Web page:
Apr 06, 2011 rated it liked it
Allie's family moves to a new home in a new neighborhood as a result of the Great Depression causing her dad to change jobs. This book is mainly about Allie trying to figure out who is going to be her new best friend - the girl next door who seems just perfect but sometimes doesn't stand up for Allie (& already has a mean best friend) or the girl across the street with family troubles who everyone else makes fun of, but whose company Allie actually enjoys when she has to. A look at the ...more
Mar 31, 2011 rated it liked it
I love stories about the everyday lives of children growing up in old-fashioned times. And I did enjoy this story, but there were elements that unsettled me. The first was the use of the Lord's name in vain. Hated that. And the second thing that bothered me was it dealt with some pretty heavy subject matters that I would not feel comfortable having my children read in this genre. There was very little commentary or explanation to help children interpret what exactly they were reading. I would ...more
Nov 30, 2009 rated it really liked it
Shelves: kids-fiction
Strawberry Hill is nothing like Allie imagines it will be when she learns they'll be moving there. Or is it?

Hoberman's first novel is all about friendship: what it means to be "best friends", when to look deeper to find a friend, and when to let a friend go. The story has bits of prejudice (specifically, anti-Semitism), peer pressure, and judging by appearances, all of which will resound thoroughly with children. They've either seen it or lived it, and they'll understand everything thought that
This book would be great for elementary students. It could be integrated with a lesson about the Great Depression, as that is the time this story takes place. The story does touch on some of the economic issues during the Great Depression, but it also teaches so much more. Can be used with new students to show the difficulty of moving somewhere new, and differences in people, places, and beliefs.
Jennifer Calles-Ramirez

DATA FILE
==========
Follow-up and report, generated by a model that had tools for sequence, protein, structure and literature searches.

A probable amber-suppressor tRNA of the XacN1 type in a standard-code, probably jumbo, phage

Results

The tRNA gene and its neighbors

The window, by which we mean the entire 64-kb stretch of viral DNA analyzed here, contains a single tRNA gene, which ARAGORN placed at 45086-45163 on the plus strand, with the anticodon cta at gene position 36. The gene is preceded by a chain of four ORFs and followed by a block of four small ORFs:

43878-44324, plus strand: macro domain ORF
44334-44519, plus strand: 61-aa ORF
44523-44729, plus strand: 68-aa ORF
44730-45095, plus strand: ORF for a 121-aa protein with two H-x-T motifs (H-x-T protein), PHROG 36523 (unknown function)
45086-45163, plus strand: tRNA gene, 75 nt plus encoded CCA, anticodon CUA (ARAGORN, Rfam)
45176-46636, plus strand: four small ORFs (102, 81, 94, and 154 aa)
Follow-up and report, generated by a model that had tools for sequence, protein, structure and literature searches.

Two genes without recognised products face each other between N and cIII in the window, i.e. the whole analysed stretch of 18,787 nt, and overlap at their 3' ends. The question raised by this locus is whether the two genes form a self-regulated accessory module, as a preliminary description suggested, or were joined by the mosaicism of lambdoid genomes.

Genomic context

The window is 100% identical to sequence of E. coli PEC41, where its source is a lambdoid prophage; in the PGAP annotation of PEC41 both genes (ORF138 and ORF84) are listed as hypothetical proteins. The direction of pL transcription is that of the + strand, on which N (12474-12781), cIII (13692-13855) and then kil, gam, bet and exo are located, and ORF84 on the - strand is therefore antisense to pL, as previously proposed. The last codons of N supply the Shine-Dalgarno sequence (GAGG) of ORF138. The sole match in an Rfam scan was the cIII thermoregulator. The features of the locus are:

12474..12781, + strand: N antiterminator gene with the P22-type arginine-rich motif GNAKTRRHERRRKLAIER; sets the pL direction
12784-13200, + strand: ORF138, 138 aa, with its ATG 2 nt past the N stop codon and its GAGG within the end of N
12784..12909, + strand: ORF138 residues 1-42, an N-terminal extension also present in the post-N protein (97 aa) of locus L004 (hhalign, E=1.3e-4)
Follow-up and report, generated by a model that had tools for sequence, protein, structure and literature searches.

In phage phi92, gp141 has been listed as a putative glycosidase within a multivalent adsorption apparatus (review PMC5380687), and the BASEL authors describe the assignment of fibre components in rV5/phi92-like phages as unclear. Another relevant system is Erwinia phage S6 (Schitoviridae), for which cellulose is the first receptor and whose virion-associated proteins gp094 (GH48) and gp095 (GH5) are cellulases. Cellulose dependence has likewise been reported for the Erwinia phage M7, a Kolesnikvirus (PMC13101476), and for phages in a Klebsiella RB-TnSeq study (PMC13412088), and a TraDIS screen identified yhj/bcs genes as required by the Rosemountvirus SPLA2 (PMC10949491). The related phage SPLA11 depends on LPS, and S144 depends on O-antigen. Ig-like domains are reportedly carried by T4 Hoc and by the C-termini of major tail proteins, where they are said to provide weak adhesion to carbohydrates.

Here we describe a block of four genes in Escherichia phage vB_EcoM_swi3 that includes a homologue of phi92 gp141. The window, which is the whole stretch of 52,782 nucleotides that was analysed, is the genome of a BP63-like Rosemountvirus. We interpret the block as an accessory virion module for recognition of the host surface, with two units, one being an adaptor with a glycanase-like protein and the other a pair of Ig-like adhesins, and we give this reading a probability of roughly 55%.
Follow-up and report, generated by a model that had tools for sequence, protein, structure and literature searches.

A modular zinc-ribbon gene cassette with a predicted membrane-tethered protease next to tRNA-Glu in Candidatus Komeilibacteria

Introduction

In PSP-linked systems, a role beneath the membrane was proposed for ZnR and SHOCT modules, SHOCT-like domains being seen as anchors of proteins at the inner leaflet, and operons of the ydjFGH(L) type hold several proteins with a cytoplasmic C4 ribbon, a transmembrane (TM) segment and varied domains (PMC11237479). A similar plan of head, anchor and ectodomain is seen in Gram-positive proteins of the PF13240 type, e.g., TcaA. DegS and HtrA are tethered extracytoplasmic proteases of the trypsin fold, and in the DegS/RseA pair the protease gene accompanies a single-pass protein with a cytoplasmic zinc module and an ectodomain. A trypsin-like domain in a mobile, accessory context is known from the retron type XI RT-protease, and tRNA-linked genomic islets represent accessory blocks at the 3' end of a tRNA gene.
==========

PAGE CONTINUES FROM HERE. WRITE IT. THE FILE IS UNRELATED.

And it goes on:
Apr 21, 2016 rated it really liked it
Strawberry Hill is a good book to read. I love how it grabs the attention just by the title. I honestly thought that this book was going to be about strawberries. At the end it talks about strawberries but it's not the main idea. It focuses about people and how they move to another place. I recommend this book to teenagers that have moved to another place and see if the have had the same experience.
« previous 1 3 next »
topics  posts  views  last activity   
nervous 1 5 Dec 08, 2009 05:43PM  

Readers also enjoyed

  • Turtle in Paradise
  • Three Times Lucky (Mo & Dale Mysteries, #1)
  • Calli Be Gold
  • Lyddie
  • The Shop on Blossom Street (Blossom Street, #1)
  • The Lost Island of Tamarind (Tamarind, #1)
  • Looking-Glass Girl
  • Secrets of Tamarind (Tamarind, #2)
  • Famous Last Words
  • Gold Medal Murder (Nancy Drew: Girl Detective and the Hardy Boys: Undercover Brothers Super Mystery, #4)
  • The Shakespeare Stories: Henry V, A Midsummer Night's Dream, The Merchant of Venice, Hamlet
  • مجموعه داستان‌های شکسپیر
  • The Odyssey (Adaptation)
  • The Cup of Ankh  (House of Anubis)
  • Nikki and Deja: Election Madness: Nikki and Deja, Book Four
  • Backlash
  • The US Capital Commotion (Flat Stanley's Worldwide Adventures, #9)
  • Return to the Isle of the Lost (Descendants, #2)
See similar books…
Work with her local Connecticut chapter of the Literacy Volunteers of America inspired her to create this series of books to encourage reading. She enjoys reading with her grandchildren.